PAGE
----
Electronic scoring environment

    Template electronic case record forms (CRFs) were custom-built within a web-based software tool designed to capture clinical study data (OpenClinica V.3.6, an open source Center for Translational Molecular Medicine, Translational Research IT (CTMM TraiT) project, Waltham, USA). One CRF consists of an extensive questionnaire documenting pathologist characteristics such as age, sex, host institution, and experience in reporting BO biopsies and digital pathology (full questionnaire details in online supplementary table 3). The second CRF was built to record individual case diagnoses. Importantly, this second CRF consists of separate parts to record H&E and H&E plus p53 labelled slide diagnoses independently. The first part of the case diagnosis CRF contains a dynamic URL link to the scanned H&E slide and includes questions about the slide quality and diagnosis, and whether the assessor would require a p53 labelled slide. Importantly, the second part of the templated CRF, which contains a dynamic link to the p53 labelled slide alongside the matching H&E slide, only opens after the study pathologist has completed assessment of the H&E-stained slide and saved their case diagnosis for this slide. This second part of the templated CRF, in addition to a dynamic link to the matching p53 labelled slide, again included corresponding slide assessment questions.

    Digital case assessments

    Reference and participating pathologists were asked to assess each case, according to the modified Vienna classification for GI neoplasia.39 40 Reference pathologists first assessed all cases individually and completed the questionnaire. An online consensus meeting was then convened after a 2-month washout period to discuss discrepancies and produce reference diagnoses for each of the 110 assessments (55 H&E-stained slides and 55 matching p53 labelled slides). The panel assessment was taken forward as the reference diagnosis without further discussion if reference panel members achieved a majority diagnosis (ie, concordance between either three out of four, or four out of four pathologists) on a case directly from their independent scoring. Group discussions were held between these four pathologists to review and discuss cases for which there was no majority diagnosis to mimic real-world practice. The discrepancies where a majority diagnosis had not been reached after individual slide review encompassed 21 cases based on H&E slide viewing and 13 cases based on the p53 labelled slide. These cases were reviewed during the panel discussion (21 H&E slides reviewed without matching p53 labelled slide, and 13 cases with H&E-stained slide and matching p53 labelled slides) to arrive at a consensus diagnosis for all 110 assessments.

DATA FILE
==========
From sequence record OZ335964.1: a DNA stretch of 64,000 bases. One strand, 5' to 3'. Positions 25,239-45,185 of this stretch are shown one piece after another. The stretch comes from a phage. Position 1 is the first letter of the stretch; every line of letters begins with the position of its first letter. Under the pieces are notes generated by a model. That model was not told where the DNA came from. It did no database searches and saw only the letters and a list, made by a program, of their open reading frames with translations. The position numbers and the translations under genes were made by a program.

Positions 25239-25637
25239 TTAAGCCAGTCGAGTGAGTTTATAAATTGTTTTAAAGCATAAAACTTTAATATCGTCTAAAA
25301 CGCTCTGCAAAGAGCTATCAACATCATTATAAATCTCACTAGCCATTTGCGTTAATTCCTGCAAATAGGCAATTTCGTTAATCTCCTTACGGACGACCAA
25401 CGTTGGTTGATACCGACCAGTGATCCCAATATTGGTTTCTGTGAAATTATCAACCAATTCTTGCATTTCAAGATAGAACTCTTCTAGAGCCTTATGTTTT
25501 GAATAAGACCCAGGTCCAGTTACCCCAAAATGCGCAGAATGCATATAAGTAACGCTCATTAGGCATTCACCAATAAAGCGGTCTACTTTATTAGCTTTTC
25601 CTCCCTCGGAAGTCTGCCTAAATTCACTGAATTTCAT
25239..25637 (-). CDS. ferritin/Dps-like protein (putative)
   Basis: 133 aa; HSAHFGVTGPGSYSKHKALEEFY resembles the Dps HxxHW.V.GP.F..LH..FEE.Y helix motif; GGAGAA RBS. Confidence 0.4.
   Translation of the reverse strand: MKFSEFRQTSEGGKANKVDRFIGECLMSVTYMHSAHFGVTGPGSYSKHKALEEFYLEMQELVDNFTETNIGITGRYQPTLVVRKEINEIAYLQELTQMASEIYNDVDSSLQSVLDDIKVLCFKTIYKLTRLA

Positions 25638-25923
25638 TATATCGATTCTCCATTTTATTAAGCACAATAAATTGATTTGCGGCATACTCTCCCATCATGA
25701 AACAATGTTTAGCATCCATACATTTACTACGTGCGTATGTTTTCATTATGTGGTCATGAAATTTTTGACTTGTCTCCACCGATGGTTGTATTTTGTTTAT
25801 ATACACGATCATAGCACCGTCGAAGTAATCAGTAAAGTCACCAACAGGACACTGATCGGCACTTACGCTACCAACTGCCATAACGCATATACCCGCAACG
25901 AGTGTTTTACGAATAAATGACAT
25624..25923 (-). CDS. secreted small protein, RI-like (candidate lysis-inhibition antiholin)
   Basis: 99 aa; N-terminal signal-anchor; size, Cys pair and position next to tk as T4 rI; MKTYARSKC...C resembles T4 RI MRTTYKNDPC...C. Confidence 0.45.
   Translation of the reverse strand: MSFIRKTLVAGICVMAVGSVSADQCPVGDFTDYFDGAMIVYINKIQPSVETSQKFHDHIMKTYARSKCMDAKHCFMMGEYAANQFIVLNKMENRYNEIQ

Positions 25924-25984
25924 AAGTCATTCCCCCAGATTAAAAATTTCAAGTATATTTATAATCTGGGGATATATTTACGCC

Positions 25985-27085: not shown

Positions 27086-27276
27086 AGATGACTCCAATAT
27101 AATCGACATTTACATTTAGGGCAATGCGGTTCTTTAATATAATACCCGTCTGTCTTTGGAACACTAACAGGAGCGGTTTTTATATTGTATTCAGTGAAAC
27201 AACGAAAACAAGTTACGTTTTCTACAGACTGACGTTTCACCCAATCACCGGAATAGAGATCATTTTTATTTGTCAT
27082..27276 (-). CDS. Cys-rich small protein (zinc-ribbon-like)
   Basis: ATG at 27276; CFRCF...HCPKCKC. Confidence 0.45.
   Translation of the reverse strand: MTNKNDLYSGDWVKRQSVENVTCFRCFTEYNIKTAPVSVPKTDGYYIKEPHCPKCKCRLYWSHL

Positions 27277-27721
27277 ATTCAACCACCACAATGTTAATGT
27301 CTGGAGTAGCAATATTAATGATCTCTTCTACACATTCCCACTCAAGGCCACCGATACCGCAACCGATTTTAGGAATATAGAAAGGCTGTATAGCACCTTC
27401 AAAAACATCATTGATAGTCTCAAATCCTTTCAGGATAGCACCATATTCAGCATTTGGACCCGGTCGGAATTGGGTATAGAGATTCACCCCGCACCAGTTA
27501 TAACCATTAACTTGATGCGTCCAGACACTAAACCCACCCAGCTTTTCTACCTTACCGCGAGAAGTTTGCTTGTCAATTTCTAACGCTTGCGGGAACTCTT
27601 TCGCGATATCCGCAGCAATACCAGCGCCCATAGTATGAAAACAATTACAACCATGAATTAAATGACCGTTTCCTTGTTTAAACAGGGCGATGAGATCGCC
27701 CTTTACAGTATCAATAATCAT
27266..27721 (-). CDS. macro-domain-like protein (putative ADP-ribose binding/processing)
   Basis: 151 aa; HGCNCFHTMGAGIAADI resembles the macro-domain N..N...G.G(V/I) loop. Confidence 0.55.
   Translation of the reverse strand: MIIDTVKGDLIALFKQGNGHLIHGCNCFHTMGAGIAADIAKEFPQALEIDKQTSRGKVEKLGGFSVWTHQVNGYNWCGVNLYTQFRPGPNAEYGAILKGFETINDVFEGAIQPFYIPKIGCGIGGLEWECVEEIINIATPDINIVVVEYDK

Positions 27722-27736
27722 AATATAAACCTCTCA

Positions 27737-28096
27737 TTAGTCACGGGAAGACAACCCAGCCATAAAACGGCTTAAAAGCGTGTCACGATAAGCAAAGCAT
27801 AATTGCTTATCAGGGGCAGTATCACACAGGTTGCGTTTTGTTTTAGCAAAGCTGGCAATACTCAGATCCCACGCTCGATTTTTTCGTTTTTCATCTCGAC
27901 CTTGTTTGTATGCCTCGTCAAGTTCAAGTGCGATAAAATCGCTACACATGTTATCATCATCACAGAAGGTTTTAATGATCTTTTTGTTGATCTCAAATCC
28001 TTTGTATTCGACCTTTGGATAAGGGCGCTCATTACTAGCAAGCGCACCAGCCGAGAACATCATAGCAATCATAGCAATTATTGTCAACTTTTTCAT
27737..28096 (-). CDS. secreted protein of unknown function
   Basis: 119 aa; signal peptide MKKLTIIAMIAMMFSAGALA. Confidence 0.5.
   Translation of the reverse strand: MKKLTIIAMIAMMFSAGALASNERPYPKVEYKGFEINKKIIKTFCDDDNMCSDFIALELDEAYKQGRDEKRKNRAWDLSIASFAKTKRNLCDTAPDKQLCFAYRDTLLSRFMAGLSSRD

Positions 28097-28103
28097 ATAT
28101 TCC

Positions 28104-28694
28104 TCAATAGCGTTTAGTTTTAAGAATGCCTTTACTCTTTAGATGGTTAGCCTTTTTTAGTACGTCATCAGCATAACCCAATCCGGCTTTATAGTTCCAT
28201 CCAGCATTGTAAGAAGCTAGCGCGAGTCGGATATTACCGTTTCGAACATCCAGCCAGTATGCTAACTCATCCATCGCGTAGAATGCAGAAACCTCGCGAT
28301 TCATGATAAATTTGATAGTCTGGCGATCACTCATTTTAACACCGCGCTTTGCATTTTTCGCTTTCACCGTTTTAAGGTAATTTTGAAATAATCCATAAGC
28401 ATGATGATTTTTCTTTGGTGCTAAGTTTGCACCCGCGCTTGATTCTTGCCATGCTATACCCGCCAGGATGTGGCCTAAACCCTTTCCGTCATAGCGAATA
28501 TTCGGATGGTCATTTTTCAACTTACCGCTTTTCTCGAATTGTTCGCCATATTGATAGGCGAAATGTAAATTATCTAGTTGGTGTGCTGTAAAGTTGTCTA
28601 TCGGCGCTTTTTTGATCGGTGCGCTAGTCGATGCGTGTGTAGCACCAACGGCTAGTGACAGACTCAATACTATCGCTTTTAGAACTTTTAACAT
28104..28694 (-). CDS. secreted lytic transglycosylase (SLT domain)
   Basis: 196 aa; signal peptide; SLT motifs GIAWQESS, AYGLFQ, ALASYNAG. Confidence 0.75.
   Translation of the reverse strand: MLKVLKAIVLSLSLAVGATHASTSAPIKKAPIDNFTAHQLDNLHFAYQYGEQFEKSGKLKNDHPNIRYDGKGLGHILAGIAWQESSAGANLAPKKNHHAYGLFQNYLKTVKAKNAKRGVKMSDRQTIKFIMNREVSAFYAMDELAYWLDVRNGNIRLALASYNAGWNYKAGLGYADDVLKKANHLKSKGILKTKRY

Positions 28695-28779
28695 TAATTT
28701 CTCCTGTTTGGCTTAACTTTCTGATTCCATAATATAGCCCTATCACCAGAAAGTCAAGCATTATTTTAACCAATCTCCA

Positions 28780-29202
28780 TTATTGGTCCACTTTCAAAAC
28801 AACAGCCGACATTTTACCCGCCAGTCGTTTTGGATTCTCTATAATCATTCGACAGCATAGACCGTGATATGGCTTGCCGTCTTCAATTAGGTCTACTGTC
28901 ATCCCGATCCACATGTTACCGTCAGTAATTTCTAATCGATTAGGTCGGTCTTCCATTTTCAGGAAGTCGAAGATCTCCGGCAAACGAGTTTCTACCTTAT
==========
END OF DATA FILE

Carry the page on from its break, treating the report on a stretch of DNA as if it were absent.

From the case assessments by the participating pathologists, two post-p53 labelled case assessments were inadvertently left blank by individual participating pathologists (one each) after evaluating the case H&E slide. Results from the matching H&E slides were imputed as post-p53 case diagnosis in these cases, based on the H&E slide score, corresponding to two high-grade dysplasia (HGD) diagnoses.

    Population estimates

    To extrapolate our findings to the proportional prevalence of Barrett’s dysplasia in real-world practice, we used incident and surveillance reports from the population-based Northern Ireland Barrett’s Oesophagus Register, the methods of which have been described elsewhere.41 42 The prevalence for the most recently available data in 2014 was applied, in which 2872 patients received a pathology diagnosis of NDBO (n=2627, 91.5%), indefinite for dysplasia (IND) (n=36, 1.2%), LGD (n=85, 3%) or HGD (n=124, 4.3%). These values were then used to estimate the population impact of interpretation discordance for each diagnostic category.

    Statistical analysis

    The characteristics of the 4 reference pathologists and the 51 participating pathologists were compared informally. We examined the overall concordance of the study pathologists compared with the consensus reference diagnosis per case. This process was conducted for each of the 4 individual members of the reference panel against the final consensus diagnosis of this panel, as well as for the overall sample of 51 pathologists against the consensus diagnosis. Per-pathologist scores were not calculated, since we aimed to study the cohort behaviour rather than the individual pathologist. Concordance was initially compared based on four relevant diagnostic categories (NDBO, IND, LGD, HGD), and then compared based on three relevant diagnostic categories (NDBO, IND, LGD or HGD) to reflect the fact that HGD and LGD are now treated endoscopically in some settings.32 We calculated 95% CIs for overall concordance and per diagnostic category. Since this cohort was strongly enriched for dysplasia, we did not use kappa statistics, since these are less reliable when cross tables are skewed.